• Yes. This begs the question why are those numbers as they are? - And when you multiply two variables that each vary by 2 orders of magnitude, the product should vary by 4 orders of magnitude. Unless the variables are not independant of each other and there is some sort of inverse relationship. Commented Aug 15, 2011 at 12:33
• @oli The product of two uniform random variables is not a uniform random variable. The range of possible products will span 4 orders of magnitude, but the distribution of probabilities will be lumped up in the middle, thus reducing the effective range of orders of magnitude. Add to that that the initial variables will not be really uniform, but likely normal and thus the lumping effect will be even greater. I am looking for some links to explain this further. Commented Aug 15, 2011 at 15:34
• No need for the extra work, I understand what you mean: the extremes are less likely (but that should also be valid for the other side of the equation). - The smaller "lumps" might encompass only 1 order of magnitude, but their product will encompass 2. To avoid a spread you'll need some kind of inverse relationship between the variables. Commented Aug 15, 2011 at 16:33
• Says a lot about the state of "peer-review" in science and what that's worth. Commented Aug 15, 2011 at 22:40

By now, I have read multiple books in which the authors take for granted that a simple mathematical relationship exists between size and metabolism (sometimes measured in heartbeats) except for humans, who are surprisingly long-lived for their size. The modern research on that topic has been spearheaded by Geoffrey West, whose book "Scale" I have put on my reading list. I don't have the exact formula at hand. But I would count the claim as "true" even if the number "a billion heartbeats" might be a wrong-but-placative retelling.

Curiously, today I was reading an older popular science book and it contained a chapter dedicated to that relationship.

This states that the ratio of breath time to heartbeat time is 4.0 in mammals of any body size. In other words, all mammals, whatever their size, breathe once for each four heartbeats. Small mammals breathe and beat their hearts faster than large mammals, but both breath and heart slow up at the same relative rate as mammals get larger.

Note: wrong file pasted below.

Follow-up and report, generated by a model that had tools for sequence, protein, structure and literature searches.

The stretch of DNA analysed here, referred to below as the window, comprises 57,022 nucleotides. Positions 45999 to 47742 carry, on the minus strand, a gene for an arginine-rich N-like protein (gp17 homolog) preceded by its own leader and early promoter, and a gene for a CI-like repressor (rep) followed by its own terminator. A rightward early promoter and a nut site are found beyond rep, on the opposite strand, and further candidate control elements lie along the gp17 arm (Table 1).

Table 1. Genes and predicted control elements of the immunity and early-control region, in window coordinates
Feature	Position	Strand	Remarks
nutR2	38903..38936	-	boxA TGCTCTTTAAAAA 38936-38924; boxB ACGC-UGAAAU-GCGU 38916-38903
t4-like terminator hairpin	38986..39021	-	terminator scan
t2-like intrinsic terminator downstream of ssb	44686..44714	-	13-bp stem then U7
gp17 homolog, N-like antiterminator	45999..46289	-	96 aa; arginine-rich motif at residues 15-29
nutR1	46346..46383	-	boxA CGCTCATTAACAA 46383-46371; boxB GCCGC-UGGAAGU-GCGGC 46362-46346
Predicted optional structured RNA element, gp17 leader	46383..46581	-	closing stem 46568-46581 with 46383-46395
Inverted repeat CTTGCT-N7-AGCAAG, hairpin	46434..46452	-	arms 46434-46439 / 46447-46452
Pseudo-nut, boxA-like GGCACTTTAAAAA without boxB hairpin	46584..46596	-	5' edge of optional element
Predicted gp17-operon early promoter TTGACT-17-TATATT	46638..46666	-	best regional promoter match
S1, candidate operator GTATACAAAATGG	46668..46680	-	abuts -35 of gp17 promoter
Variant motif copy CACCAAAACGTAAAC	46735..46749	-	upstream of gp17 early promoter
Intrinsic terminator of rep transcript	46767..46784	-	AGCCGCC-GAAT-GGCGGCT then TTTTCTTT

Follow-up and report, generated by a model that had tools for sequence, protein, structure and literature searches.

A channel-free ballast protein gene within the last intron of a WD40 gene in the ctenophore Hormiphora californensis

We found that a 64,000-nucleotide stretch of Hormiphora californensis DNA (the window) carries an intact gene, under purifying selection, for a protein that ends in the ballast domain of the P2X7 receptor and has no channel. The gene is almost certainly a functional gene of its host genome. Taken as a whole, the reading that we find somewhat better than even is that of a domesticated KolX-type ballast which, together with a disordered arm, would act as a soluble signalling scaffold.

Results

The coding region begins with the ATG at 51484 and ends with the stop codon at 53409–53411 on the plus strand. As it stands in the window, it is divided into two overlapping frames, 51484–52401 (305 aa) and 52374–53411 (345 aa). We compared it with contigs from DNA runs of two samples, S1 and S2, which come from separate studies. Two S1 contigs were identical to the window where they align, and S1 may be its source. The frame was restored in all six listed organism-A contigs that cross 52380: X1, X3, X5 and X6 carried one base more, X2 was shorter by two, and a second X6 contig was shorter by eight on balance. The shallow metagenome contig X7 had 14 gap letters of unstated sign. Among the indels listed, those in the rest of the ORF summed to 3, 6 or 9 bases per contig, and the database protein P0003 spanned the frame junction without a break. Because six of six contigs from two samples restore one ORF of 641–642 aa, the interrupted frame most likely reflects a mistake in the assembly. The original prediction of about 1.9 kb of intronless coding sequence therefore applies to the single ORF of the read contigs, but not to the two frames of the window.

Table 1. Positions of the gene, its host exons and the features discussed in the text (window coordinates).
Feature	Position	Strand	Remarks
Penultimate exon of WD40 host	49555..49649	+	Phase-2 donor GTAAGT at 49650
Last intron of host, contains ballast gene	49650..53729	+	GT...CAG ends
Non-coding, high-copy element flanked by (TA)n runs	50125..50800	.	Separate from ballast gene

Lifetime also scales at the same rate as body weight (.28 times as fast as we move from small to large mammals). This means that the ratio of both breath time and heartbeat time to lifetime is also constant over the entire range of mammalian size. When we perform a calculation similar to the one above, we find that all mammals, regardless of their size, tend to breathe about 200 million times during their lives (their hearts, therefore, beat about 800 million times). Small mammals breathe fast, but live for a short time. Measured by the internal clocks of their own hearts or the rhythm of their own breathing, all mammals live the same time.

It states that one of the first people to note the existence of such relationships was Galileo, but that the methods for empirical calculation were developed by "W. R. Stahl, B. Günther, and E. Guerra in the late 1950s and early 1960s".

The numbers the chapter discusses are about mammals, but it also makes a qualitative claim that the relationship holds for many other animals (except humans, which is explained by our evolutionary strategy of neoteny).

The source I am citing is Stephen Jay Gould's book "The panda's thumb", chapter 29, "Our allotted lifetimes".

• Asimov remarks that it may be said that mouse packs as much living into his two years as the elephant does in his 70.
– fred
Commented Jun 4, 2022 at 20:43